It is not a likely scenario, but it is a realistic one.
You don’t have to squint too hard into the future to envision the potentially dominant Nets — whose three-headed monster has been pulled apart by injuries and vaccine status — limping to the regular-season finish line.
After spending much of the early part of the season atop the Eastern Conference, the Nets will enter their matchup against the Warriors on Saturday tied for fourth while riding a three-game losing streak. If the skid lengthens a bit, they could fall below the Hornets, who entered play Friday as the seventh seed and just 2 ¹/₂ games removed from the Nets.
Kevin Durant (sprained MCL) likely will not be back for another month or so. Kyrie Irving (unvaccinated) is only playing road games. James Harden (hamstring) is set to return to the lineup, but hamstring injuries can linger, as Harden knows from last season’s postseason.
Could one of the most talented teams ever assembled, with three of the very best players in the game, have to fight its way into the postseason through the backdoor?
“I don’t think anyone wants to be playing the play-in. Unless you’re on the outside of the play-in trying to get in, but we don’t want to be there,” coach Steve Nash said after practice Friday. “But if we’re there, we’re there.”
Nash, who still is experimenting with lineup combinations, is rarely urgent and believes his team’s talent will win out. The Nets, he believes, will improve as they get accustomed to Irving playing in half the games, and wins could come in chunks when Durant and Joe Harris (ankle surgery) return, likely after the All-Star break.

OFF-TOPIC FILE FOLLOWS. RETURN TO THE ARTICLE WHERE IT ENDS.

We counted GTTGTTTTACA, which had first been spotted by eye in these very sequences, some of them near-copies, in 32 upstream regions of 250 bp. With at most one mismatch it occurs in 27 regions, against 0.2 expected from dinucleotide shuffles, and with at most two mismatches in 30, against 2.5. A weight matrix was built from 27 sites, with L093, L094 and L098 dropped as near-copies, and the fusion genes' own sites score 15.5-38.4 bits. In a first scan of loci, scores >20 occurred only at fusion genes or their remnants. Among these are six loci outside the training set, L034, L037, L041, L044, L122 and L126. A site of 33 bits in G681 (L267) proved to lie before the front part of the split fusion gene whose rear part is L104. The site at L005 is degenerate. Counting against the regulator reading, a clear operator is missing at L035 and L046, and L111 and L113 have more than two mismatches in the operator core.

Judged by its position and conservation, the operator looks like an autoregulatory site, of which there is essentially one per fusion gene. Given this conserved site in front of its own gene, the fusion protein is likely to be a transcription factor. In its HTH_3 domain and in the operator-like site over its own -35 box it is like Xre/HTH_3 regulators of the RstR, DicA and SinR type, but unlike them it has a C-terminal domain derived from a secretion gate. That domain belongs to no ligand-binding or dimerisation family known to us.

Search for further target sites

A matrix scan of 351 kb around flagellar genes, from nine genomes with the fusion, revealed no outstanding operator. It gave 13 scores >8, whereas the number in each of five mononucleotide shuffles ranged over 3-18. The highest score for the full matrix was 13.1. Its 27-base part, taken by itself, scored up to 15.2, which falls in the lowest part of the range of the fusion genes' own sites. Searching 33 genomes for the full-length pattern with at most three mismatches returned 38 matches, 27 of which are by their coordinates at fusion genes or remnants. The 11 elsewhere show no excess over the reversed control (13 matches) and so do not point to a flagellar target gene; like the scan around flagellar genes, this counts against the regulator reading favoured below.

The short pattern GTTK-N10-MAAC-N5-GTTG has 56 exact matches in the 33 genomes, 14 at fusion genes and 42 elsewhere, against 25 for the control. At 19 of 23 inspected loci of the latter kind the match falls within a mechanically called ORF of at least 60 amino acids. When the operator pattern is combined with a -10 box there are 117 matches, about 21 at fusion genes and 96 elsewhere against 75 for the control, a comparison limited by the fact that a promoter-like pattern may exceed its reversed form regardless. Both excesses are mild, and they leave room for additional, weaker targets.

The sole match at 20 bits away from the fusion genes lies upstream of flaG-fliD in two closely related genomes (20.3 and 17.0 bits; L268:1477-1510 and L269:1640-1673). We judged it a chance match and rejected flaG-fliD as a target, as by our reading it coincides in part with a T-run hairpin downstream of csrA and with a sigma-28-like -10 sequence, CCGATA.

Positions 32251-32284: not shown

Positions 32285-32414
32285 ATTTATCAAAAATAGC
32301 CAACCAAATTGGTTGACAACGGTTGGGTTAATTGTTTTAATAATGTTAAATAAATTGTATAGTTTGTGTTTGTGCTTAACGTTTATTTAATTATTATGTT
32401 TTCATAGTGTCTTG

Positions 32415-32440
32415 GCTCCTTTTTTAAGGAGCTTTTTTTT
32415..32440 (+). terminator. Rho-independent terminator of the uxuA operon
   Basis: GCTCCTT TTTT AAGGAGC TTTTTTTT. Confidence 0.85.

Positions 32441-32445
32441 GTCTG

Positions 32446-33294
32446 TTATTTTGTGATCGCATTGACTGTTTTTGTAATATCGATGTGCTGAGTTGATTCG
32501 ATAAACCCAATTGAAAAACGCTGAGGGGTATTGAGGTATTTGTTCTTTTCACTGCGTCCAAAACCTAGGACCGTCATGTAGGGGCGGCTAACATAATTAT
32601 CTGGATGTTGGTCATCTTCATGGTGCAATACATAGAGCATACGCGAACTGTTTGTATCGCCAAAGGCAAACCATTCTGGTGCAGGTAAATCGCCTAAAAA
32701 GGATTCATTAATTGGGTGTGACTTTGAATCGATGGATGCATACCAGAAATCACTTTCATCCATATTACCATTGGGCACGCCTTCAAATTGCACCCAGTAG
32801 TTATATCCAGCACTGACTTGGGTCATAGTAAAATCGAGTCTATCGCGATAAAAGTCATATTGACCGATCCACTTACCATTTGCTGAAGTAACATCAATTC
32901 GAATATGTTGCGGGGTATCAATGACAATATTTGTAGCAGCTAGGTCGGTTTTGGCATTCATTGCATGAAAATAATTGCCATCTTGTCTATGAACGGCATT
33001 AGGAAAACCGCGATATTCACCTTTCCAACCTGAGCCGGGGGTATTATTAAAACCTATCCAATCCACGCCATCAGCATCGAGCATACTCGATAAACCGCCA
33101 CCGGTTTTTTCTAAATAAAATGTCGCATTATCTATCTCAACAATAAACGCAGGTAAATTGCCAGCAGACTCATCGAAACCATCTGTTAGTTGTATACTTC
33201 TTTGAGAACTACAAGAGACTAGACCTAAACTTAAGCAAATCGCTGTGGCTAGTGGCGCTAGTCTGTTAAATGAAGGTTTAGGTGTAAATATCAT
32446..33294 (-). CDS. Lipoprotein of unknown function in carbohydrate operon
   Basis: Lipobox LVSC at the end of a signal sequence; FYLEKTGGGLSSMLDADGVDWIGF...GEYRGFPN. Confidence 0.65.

But nearly 60 percent of the schedule is behind them, and seemingly each star’s return is met with another’s absence. Durant, Irving and Harden have played in just two games together through the Nets’ 29-19 start. They are in position to avoid the play-in, which will feature the seventh through 10th teams in each conference, but not comfortably.
Adding to the potential playoff wrinkles for the Nets is a strange injustice to their situation: The worse they play, the more likely they would have Irving available for an extra game in each postseason series, presuming the point guard is still relegated to part-time duties.
They won’t tank, though — at least not intentionally.
“I think that you definitely want to be the top seed,” said big man Nic Claxton, whose Nets fell at Barclays Center in the Eastern semifinals last season. “Just going off last year, being able to have those games at home — especially like a Game 7 last year, when we lost to Milwaukee … being at [home] in those big moments, it’s good to have your fans behind you.”
Rising up the conference ladder would be especially difficult in the next week. The Nets should have Irving for all five games of the upcoming road trip, but after they face the juggernaut Warriors in San Francisco, they will play at the NBA’s best team, the Suns. A matchup with the Kings should be a relief, but trips to Utah and Denver will not be.
Will the Nets be a top-six team when they return to Brooklyn?
They care — but not overly so. Durant will not be rushed back, and Harden won’t be vaccinating Irving when the point guard looks the other way. They believe in patience, even if it costs them a top spot in the postseason.
They just hope it won’t mean a first-round series against the Heat or the Bucks — or a play-in just to reach that first round.
“We’ll play the best basketball we can when the time comes,” Nash said. “And hopefully we’ll have health, but the sooner we have health, the more I think our record will improve.
“And in the meantime, we’re going to find ways to win some games, but most importantly improve, learn about ourselves.”